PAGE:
Kyrgyzstan violence and Uzbek refugees: When should the world act?

The Kyrgyzstan violence that has left more than 100 dead and nearly 100,000 ethnic Uzbeks as refugees may yet call for foreign intervention. The government there asked Russia to help. But what level of atrocity is needed for such action?

Ethnic Uzbek refugees wait at the Kyrgyz-Uzbek border south of Osh on June 14. Uzbekistan on Monday ordered its frontier closed to tens of thousands of refugees fleeing clashes between rival groups in Kyrgyzstan where government forces were accused of helping the slaughter of ethnic Uzbeks.

It’s not every day that one country asks another one to invade it.

Yet on June 10, the Central Asian nation of Kyrgyzstan, beset with widespread ethnic violence that its own forces could not quell, asked Russia to send in troops.

Moscow declined the request, even though the troubling violence between the majority Kyrgyz and minority Uzbeks has left more than 100 civilians dead and forced an estimated 100,000 refugees into neighboring Uzbekistan.

Still, this inter-ethnic crisis, which was likely sparked by a political battle for control in the capital, raises the question of when foreign militaries should intervene in a sovereign nation if there are mass atrocities or severe neglect of a people.

In 2005, the United Nations General Assembly endorsed the idea of a “responsibility to protect.” This concept of internationally approved humanitarian intervention across borders has gained increasing favor ever since the UN and the West failed to stop the 1994 genocide in Rwanda.

But it is a hard concept to act on. When is an atrocity too small to act on? When is a government too neglectful of its people’s needs? Which country has the means or will to send in troops?

Or, more broadly, when do individual rights to life trump the long-held notions of national sovereignty?

These are subjective judgments based on broad principles that require a difficult consensus within the UN Security Council.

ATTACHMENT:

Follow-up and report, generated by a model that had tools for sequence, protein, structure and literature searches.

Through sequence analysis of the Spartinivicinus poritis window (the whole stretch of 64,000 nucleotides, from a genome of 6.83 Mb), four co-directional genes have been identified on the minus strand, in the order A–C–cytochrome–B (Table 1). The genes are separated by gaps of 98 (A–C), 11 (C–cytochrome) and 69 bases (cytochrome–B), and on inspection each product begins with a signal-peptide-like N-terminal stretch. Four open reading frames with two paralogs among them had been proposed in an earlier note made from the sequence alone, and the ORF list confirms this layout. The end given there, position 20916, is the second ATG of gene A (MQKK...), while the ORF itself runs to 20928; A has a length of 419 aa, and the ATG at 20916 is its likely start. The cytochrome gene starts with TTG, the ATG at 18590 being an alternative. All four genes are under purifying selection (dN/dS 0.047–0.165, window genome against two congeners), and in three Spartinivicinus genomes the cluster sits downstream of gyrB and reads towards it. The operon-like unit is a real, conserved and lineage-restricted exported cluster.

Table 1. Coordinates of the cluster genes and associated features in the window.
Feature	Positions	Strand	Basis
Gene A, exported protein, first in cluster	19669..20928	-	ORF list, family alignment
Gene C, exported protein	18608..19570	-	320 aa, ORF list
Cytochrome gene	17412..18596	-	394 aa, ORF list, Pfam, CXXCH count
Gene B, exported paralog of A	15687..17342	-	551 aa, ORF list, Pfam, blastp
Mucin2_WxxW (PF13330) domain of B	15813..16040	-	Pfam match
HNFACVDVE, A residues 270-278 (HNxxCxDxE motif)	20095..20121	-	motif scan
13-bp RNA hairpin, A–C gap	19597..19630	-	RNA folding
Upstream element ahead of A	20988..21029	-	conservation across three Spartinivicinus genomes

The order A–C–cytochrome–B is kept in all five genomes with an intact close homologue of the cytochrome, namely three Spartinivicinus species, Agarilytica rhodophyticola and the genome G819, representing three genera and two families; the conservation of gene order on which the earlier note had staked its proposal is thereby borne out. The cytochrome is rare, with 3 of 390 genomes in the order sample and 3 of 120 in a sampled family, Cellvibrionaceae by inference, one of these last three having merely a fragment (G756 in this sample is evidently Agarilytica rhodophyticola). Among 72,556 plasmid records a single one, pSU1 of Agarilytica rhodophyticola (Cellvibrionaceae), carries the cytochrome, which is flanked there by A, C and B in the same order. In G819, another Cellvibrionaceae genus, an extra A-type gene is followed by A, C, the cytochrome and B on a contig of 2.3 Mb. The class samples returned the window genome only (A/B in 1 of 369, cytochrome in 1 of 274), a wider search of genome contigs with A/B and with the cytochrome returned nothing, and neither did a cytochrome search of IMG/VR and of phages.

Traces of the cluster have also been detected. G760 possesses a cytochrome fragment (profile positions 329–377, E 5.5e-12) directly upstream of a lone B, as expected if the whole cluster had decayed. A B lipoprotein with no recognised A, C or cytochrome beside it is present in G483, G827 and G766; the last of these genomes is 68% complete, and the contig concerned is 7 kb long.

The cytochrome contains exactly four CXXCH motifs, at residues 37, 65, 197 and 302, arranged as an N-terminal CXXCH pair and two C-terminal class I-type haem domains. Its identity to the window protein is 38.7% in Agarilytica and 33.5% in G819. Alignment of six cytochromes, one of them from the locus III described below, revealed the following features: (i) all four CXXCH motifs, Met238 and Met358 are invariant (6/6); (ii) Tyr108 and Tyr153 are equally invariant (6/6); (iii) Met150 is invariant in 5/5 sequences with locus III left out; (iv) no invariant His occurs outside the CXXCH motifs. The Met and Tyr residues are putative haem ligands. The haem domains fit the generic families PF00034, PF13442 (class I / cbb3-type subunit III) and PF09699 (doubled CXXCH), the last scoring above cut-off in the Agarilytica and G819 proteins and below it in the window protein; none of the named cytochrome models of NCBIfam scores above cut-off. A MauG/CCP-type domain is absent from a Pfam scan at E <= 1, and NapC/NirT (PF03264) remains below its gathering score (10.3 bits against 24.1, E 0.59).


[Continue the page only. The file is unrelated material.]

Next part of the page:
In 2008, the United States was quite willing to land its Navy in Burma (Myanmar) to help 2 million victims of A typhoon. The junta in Burma, widely accused of neglect, refused the offer. In the same year, Kenya exploded in ethnic violence but instead of a military solution, the international community sought a strong diplomatic solution.

In 1993, the US military swept into Somalia with UN permission to relieve a famine but got bogged down by political factions. In the 1990s, the UN approved NATO’s action against ethnic cleansing in Bosnia but when atrocities in Kosovo began, NATO acted on its own.

Defining the limits of foreign intervention in sovereign nations requires a vibrant diplomacy between civilized nations that is ready to act in a matter of days, even hours, to an unexpected crisis.

As President Obama said in his Nobel Peace Prize acceptance speech last December: “We must begin by acknowledging the hard truth that we will not eradicate violent conflict in our lifetimes. There will be times when nations – acting individually or in concert – will find the use of force not only necessary but morally justified.”

And then he was more specific about the doctrine "responsibility to protect":

“More and more, we all confront difficult questions about how to prevent the slaughter of civilians by their own government, or to stop a civil war whose violence and suffering can engulf an entire region.

“I believe that force can be justified on humanitarian grounds, as it was in the Balkans, or in other places that have been scarred by war. Inaction tears at our conscience and can lead to more costly intervention later. That is why all responsible nations must embrace the role that militaries with a clear mandate can play to keep the peace.”

Both Russia and the US have military bases in Kyrgyzstan. Either country's intervention to quell the violence there would have been quite easy. It is the making of the political decision that is so difficult.

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